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NEWTON

Newton has until Dec. 31 to decide on purchasing armory, mayor says

A proposal by Mayor Ruthanne Fuller calls for the city to buy the West Newton Armory for use as affordable housing.
A proposal by Mayor Ruthanne Fuller calls for the city to buy the West Newton Armory for use as affordable housing.John Hilliard for The Boston Globe

Newton has until year’s end to decide whether to purchase the West Newton Armory on Washington Street, a property Mayor Ruthanne Fuller has long sought to turn into affordable housing.

In a Sept. 10 statement, Fuller said Governor Charlie Baker signed special legislation in August that gave the city the option of buying the property for $1 if it is used entirely to create more affordable homes in Newton, Fuller said in the statement.

The city also has the option of using it for municipal purposes, though it would have to pay about $1 million for the property, about one-quarter of its assessed value, Fuller has said.

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According to the special legislation, the city has until Dec. 31 to decide on whether to buy the property and complete the purchase, Fuller said. If the city doesn’t buy the property, the state can sell it on the open market.

In her statement, Fuller pointed to the affordable housing units included in developments approved over the past several months, including mixed-use projects in Newton Upper Falls, Nonantum, and West Newton.

“Notably, though, the Armory offers a rare opportunity to provide an all affordable project in which 100% of the units would be permanently affordable,” Fuller said in the statement. “This would enable low-income individuals, families, veterans or older people to have a home in Newton, a critically important goal for our community.”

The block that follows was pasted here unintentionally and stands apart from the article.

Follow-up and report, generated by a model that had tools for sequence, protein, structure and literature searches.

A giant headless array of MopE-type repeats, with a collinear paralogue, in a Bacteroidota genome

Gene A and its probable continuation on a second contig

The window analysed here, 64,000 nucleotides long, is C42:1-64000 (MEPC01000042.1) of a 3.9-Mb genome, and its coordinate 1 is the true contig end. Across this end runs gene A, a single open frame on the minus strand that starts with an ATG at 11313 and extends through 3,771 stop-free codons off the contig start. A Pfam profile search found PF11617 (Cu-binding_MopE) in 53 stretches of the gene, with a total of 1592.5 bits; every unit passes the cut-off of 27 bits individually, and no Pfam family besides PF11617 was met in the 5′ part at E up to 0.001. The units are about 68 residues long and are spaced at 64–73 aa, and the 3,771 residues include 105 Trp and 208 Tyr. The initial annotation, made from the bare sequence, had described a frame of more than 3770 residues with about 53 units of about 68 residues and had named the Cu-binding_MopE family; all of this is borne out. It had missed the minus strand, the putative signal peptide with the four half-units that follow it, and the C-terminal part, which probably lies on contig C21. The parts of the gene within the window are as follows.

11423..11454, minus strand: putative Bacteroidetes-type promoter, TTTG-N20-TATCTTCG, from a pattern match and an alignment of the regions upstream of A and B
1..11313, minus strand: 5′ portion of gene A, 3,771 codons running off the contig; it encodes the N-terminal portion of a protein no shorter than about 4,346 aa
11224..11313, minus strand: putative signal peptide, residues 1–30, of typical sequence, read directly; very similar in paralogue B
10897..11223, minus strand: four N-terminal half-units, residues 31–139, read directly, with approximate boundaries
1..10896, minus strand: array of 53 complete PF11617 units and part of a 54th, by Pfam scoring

More than a year ago, the city began exploring what to do with the vacant former state Army National Guard building. The structure itself is about 30,000 square feet, and is located on about three-quarters of an acre. Fuller has proposed that the city acquire the armory, and lease it to a developer to convert and manage the property.

A nine-member city Joint Advisory Planning Group appointed by Fuller and the City Council is currently evaluating options for the property and identifying a plan for reuse, Fuller said in her Sept. 10 statement.

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In January, the city received a $200,000 state grant to hire consultant Affirmative Investments to study the feasibility of using the armory as housing. A recommendation from the city planning group will be submitted to the City Council’s Real Property Reuse Committee, Fuller said.


John Hilliard can be reached at john.hilliard@globe.com.